- Endres, D.B. and Rude, R.K.: Mineral
and Bone Metabolism. In: Tietz Textbook of Clinical
Chemistry, 3rd ed., C.A. Brutis, E. R. Ashwood, Eds. Philadelphia, E.B.
Saunders, 1999, pp. 1417-1418.
- Preece, M.A., S. Tomlinson, C.A. Ribot, J. Pietrek, H.T. Korn, D.M.
Davies, J.A. Ford, M.G. Dunnigan, and J.L.H. O'Riordan. 1975. Studies
of Vitamin D deficiency in man. Quarterly Journal of
- Holick MF. Vitamin D: Photobiology,
Metabolism, Mechanism of Action, and Clinical Applications.
In: Favus MJ, editor. Primer on the Metabolic Bone Diseases and Disorders
of Mineral Metabolism, 4th Edition. Lippincott Williams & Wilkins,
Philadelphia, PA., 1999: 92-98.
- Adapted from Endres, D.B. and Rude, R.K.: Mineral
and Bone Metabolism. In: Tietz Textbook of Clinical
Chemistry, 3rd ed., C.A. Brutis, E. R. Ashwood, Eds. Philadelphia, E.B.
Saunders, 1999, pp. 1422-1423.
- Rosen CJ. Vitamin D and Bone Health
in Adults and the Elderly. In: Holick MF, editor. Vitamin
D: Physiology, Molecular Biology, and Clinical Applications. Humana
Press, Totowa, NJ. 1999:287-305.
- Luckey MM. Evaluation of Postmenopausal
Osteoporosis. In: Favus MJ, editor. Primer on the Metabolic
Bone Diseases and Disorders of Mineral Metabolism, 4th Edition. Lippincott
Williams & Wilkins, Philadelphia, PA., 1999: 273-277.
- Malabanan A, Veronikis IE, Holick MF. Redefining
vitamin D deficiency. Lancet 1998; 351:805-806.
- Chapuy M-C, Preziosi P, Maamer M. et al. Prevalance
of Vitamin D insuffiency in an adult normal population.
Osteoporosis Int 1997; 7:439-443.
- Dawson-Hughes B. Calcium, vitamin D
and vitamin D metabolites. In: Papapoulos SE, Lips P,
Pols HAP, Johnston CC, Delmas PD, eds. Osteoporosis 1996. Proceedings
of the 1996 World Congress on Osteoporosis. Excerpt Med Int Congr Ser
118. Amsterdam: Elsevier; 299-303.
- Lips P, Wiersinga A, Ginkel van FC, et al.
The effects of vitamin D supplementation on vitamin D status and parathyroid
function in elderly subjects. J Clin Endocrinol Metab.
- Thomas MK, Lloyd-Jones DM, Thadhani Rl, et al. Hypovitaminosis
D in medical patients. N Engl J Med. 1998; 338:777-783.
- Vieth R. Vitamin D supplementation,
25-hydroxyvitamin D concentrations, and safety. Am J
Clin Nutr. 1999; 69:842-856.
- Lips P, Duong T, Oleksik A, Black D, Cummings S, Cox D, Nickelsen
T. A global study of vitamin D status
and parathyroid function in postmenopausal women with osteoporosis:
baseline data from the multiple outcomes of Raloxifene evaluation clinical
trial. J Clin Endocrinol Metab 2001; 86:1212-1221.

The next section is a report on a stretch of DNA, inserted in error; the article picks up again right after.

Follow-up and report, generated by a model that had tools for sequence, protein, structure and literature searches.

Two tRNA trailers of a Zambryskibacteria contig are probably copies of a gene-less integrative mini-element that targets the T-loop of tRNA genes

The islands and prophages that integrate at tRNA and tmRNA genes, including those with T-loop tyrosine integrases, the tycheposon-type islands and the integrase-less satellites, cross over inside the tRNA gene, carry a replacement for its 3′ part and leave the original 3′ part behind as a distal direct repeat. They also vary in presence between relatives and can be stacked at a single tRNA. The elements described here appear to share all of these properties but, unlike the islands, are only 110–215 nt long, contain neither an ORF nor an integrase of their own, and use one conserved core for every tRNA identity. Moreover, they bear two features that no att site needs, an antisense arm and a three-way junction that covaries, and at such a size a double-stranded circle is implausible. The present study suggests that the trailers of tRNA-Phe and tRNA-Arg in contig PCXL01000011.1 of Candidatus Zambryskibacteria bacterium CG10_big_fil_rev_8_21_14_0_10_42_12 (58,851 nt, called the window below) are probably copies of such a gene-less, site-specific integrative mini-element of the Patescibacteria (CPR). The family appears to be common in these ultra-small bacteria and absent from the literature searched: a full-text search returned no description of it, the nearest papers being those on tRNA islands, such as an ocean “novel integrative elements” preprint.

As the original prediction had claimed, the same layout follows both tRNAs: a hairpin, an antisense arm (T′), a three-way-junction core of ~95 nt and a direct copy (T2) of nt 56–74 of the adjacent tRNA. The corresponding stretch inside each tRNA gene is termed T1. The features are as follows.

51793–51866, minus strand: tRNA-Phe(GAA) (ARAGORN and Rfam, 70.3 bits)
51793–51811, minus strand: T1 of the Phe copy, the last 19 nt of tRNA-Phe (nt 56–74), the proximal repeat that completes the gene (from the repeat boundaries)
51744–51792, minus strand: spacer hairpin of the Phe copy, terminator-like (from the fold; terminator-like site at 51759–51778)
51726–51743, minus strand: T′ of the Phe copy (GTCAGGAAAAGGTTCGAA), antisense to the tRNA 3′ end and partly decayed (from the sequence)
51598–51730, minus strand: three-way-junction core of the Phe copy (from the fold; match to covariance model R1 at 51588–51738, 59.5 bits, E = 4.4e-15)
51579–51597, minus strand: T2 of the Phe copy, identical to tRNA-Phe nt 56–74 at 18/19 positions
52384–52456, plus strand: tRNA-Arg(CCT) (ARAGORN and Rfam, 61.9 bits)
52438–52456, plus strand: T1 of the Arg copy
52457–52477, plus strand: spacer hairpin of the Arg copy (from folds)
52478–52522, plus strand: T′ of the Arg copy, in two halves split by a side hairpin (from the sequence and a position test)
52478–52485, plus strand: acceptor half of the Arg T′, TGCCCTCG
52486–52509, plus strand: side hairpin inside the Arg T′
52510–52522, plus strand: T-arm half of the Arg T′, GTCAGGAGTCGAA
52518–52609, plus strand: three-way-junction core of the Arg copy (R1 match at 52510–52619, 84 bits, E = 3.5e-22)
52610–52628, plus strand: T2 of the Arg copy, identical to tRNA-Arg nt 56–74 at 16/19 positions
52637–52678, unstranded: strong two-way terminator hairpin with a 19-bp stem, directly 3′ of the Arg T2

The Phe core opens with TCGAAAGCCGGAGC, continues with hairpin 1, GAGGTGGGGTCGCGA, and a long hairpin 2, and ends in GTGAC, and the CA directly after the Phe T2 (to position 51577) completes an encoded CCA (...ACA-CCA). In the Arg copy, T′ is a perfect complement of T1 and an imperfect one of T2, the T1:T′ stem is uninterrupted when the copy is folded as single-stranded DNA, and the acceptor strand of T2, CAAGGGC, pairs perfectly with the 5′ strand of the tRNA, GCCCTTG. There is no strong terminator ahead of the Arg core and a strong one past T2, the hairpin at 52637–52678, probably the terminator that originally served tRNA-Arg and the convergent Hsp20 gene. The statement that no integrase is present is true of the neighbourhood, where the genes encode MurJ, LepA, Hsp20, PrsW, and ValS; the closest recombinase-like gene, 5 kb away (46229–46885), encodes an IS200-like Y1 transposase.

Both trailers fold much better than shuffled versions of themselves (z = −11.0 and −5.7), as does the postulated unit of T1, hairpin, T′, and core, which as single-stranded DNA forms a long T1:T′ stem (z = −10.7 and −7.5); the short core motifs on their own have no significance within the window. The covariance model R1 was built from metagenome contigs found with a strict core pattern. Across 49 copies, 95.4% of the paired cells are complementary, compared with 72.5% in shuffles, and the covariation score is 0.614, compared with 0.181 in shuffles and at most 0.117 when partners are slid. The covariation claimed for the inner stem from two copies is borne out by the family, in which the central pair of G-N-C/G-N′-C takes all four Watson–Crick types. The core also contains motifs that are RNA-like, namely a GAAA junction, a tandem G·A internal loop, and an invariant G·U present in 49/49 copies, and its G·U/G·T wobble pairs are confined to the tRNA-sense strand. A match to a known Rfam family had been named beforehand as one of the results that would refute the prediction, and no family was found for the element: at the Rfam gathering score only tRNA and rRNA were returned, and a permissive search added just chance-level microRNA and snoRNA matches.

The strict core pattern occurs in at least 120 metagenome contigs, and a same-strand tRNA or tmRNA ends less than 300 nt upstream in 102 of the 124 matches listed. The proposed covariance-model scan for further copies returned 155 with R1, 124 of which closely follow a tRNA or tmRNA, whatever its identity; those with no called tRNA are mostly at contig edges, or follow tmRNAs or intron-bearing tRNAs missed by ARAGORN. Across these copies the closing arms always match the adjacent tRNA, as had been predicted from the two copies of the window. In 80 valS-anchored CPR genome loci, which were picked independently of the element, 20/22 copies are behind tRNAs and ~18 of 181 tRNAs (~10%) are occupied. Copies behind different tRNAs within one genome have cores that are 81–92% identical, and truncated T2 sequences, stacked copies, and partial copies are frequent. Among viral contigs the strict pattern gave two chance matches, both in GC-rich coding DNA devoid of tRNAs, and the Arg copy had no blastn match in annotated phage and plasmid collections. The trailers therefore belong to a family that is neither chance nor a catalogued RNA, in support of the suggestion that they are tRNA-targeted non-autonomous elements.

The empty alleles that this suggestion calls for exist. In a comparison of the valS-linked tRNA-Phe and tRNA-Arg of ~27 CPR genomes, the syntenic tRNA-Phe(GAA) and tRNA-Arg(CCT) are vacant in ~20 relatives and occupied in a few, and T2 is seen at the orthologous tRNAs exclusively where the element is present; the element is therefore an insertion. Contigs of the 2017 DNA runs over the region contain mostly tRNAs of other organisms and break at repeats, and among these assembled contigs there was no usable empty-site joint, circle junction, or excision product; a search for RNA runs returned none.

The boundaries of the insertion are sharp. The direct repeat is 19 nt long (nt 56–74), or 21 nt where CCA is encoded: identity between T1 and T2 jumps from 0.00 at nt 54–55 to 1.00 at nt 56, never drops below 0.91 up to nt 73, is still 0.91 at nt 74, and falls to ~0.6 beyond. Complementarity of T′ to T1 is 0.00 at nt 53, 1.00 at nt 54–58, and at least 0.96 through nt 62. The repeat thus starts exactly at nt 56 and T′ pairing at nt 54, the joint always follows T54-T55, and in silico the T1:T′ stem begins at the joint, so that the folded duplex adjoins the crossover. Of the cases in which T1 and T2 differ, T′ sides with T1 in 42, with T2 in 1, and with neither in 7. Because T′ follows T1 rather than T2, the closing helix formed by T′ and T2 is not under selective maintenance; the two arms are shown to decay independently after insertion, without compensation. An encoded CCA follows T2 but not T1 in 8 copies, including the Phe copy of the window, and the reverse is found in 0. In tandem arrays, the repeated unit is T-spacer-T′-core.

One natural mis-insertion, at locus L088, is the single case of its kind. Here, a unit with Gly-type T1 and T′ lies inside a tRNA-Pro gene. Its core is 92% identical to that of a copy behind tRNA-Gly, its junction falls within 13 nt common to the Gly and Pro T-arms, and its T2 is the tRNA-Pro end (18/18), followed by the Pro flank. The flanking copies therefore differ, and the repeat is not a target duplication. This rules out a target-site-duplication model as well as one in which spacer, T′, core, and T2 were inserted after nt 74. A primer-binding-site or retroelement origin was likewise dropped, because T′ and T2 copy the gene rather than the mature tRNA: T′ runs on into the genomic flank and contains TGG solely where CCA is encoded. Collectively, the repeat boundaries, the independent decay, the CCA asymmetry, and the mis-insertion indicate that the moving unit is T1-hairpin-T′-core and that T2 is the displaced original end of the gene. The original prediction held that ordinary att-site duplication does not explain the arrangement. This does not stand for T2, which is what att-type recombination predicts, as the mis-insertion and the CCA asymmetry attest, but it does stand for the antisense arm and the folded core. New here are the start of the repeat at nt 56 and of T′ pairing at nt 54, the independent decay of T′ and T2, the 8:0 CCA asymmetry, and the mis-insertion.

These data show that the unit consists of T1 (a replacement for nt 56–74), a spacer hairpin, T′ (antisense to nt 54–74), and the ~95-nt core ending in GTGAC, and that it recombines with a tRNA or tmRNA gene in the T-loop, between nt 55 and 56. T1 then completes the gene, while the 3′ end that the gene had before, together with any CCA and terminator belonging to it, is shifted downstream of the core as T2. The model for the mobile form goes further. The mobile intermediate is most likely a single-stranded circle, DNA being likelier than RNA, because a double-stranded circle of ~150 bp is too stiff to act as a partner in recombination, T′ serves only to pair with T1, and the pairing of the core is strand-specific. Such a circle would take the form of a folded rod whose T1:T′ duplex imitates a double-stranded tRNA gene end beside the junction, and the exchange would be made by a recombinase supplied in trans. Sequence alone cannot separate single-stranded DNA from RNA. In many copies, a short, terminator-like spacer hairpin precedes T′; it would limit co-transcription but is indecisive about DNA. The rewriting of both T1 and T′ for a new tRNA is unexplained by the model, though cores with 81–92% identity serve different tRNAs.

- Young C, Burrows R, Katz J, et al, "Hypercalacaemia
in Sarcoidosis," Lancet, 1999, 353(9150):374.
- Bosch X, "Hypercalcemia Due to Endogenous
Overproduction of Active Vitamin D in Identical Twins With Cat-Scratch
Disease," JAMA, 1998, 279(7):532-4.
- Seymour JF, Gagel RF, Hagemeister FB, et al, "Calcitriol
Production in Hypercalcemic and Normocalcemic Patients With non-Hodgkin
Lymphoma," Ann Intern Med, 1994, 121(9):633-40.
- Trivedi DP, Doll R, Khaw KT. Effect
of four monthly oral vitamin (cholecalciferol)
supplementation on fractures and mortality in men and women living in
the community; randomized double blind controlled trial. BMJ
- Gordon CM, DePeter KC, Feldman HA, Grace E, Emans SJ. Prevalence
of vitamin D deficiency among healthy adolescents. Archives
of Pediatrics and Adolescent Medicine 2004;158,531-7.
- MacFarlane GD et al. Hypovitaminosis
D in a normal, apparently healthy, urban European population.
Journal of Steroid Biochemistry and Molecular Biology 2004;89-90;621-2.
- Rucker D, Allan JA, Fick GH, Hanley DA. Vitamin
D insuffiency in a population of healthy western Canadians.
- Nowson CA, Diamond TH et al. Vitamin
D in Australia, Issues and Recommendations. Australian
Family Physician Vol 33, No. 3, March 2004.
- Wilkins CH, Birge SJ. Prevention of
osteoporotic fractures in the elderly. The Amercian
Journal of Medicine (2005) 118,1190-1195.
- Holick, M.F.: Vitamin D: Photobiology,
metabolism and clinical applications. In: Endocrinology.
3rd ed. Vol. 2. L.J. DeGroot, Ed. Philadelphia, W.B. Saunders, 1995,
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- Hollis, B.W. and W.B. and W.B. Pittard III. 1984. Evaluation of the total fetomaternal Vitamin D relationships at term: Evidence for racial differences. Journal of Clinical Endocrinology and Metabolism 59:652.